CBMS/NSF Conference on Fast Direct Solvers, June 2014

Dartmouth College, June 23 - 27, 2014

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FMM RSVD ID BIEs FDS for sparse FDS for IE Poincaré-Steklov

The Fast Multipole Method

Early descriptions of the FMM include a 1985 paper by Vladimir Rokhlin, and the seminal 1987 JCP paper by Leslie Greengard and VR.

The description of the FMM in Lecture 2 follows this encyclopedia entry.

Detailed descriptions of the FMM are given in, e.g, the dissertation of Leslie Greengard, a short course on FMMs by Rick Beatson and Leslie Greengard, a tutorial by Liu and Nishimura, and a variety of books, including this by Chew, Jin, Michielssen, and Son, and this by Yijun Liu.

Adaptivity is described in a 1988 SISC paper by Carrier, Greengard, and Rokhlin.

An essential improvement to the FMM that allows high speed for Laplace problems in 3D is described here.

The profoundly remarkable fact that FMMs can be constructed for high-frequency Helmholtz problems (where, recall, the rank considerations used for Laplace no longer work) was discovered by Rokhlin and is published here and here. For a more comprehensive description of these algorithms, see this.

An FMM based on the interpolative decomposition (ID) is described here.

A general collection of references on the FMM is to be found at fastmultipole.org.

Randomized methods for low-rank approximation

This survey provides an accessible introduction. It is 72 pages long, but the introduction (Section 1) can be read on its own and provides a brief introduction.

Another, briefer, introduction is given in this 2011 PNAS paper.

The original paper we published on these methods is this 2006 tech report. The report was (after two rejections...) eventually published here in ACHA.

For a full description of the intellectual pedigree of these methods, please see the survey mentioned earlier, and also this survey by Michael Mahoney.

The interpolative decomposition (ID)

For a technical paper, see this.

Randomized techniques for building the ID are described in Section 5.2 of this survey.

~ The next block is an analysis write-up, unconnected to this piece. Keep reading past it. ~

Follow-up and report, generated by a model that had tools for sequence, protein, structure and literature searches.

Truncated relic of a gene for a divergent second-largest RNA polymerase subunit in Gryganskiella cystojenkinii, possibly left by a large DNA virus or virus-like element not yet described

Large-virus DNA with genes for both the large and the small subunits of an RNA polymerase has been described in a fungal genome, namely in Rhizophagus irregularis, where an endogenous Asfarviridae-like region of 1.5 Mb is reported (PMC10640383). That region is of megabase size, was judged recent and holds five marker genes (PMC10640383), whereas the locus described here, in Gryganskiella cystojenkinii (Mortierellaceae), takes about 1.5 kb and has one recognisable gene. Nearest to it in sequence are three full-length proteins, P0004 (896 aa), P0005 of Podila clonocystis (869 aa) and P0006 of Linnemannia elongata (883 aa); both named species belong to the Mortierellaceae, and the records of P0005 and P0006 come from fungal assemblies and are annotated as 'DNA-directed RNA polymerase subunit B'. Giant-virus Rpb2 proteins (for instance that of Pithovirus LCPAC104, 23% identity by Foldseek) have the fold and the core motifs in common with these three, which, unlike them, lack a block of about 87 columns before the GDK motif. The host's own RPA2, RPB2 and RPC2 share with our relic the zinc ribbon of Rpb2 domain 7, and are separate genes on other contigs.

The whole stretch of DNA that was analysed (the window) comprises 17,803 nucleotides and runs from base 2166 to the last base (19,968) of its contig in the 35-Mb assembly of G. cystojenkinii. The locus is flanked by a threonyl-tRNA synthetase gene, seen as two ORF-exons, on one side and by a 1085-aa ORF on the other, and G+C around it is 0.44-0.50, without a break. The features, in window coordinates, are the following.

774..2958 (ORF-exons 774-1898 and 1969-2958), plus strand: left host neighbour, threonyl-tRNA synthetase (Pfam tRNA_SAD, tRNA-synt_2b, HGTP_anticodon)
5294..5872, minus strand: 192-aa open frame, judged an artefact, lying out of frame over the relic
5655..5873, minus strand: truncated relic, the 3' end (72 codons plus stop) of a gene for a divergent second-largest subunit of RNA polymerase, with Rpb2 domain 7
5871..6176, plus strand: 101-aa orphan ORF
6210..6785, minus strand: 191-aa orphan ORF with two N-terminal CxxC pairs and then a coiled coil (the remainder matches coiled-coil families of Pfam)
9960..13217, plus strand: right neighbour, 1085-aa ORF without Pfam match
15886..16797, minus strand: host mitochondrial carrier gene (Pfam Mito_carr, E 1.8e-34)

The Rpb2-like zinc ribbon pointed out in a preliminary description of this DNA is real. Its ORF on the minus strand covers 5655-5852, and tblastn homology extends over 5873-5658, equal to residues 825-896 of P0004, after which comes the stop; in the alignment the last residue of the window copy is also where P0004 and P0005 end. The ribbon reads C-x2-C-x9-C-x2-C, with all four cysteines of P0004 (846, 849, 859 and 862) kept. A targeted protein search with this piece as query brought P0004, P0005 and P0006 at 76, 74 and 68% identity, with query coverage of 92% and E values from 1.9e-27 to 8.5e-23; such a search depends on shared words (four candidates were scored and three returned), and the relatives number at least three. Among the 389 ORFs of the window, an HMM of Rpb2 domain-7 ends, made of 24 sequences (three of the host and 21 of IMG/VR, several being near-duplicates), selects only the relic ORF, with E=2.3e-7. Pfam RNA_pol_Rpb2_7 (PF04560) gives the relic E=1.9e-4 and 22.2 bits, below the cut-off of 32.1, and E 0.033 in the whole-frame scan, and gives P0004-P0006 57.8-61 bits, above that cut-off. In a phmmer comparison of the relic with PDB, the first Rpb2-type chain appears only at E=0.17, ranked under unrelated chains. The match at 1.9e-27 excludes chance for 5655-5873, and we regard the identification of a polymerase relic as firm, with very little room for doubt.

A seminal 1996 SISC paper by Gu and Eisenstat provides much of the mathematical underpinnings. Earlier work on the related Rank-Revealing QR (RRQR) factorization includes a 1987 paper by Tony Chan.

Applications to functions of a continuum variable are described here.

Boundary integral equations and Nyström discretization

Standard references include "Linear Integral Equations" by Rainer Kress (oddly, the full pdf seems to be available here!), and "The Numerical Solution of Integral Equations of the Second Kind" by Kendall Atkinson. For a more mathematical treatment, see "Strongly elliptic systems and boundary integral equations" by William McLean.

An introduction intended to be highly accessible can be found here. This intro is still a little rough, but should provide a quick access point.

Methods for high-order discretization of BIEs in 2D with singular kernels are described here. (Local copy.)

A brief introduction to methods for handling corners can be found here. (Local copy.) Original work in this area by James Bremer and Johan Helsing.

Direct solvers for sparse matrices from FEM/FD discretization

A slightly outdated, but (I think!) accessible description of the ideas can be found in this 2009 paper. (Local copy.) This is pursued further in the dissertation of Adrianna Gillman. A journal publication on this work is here.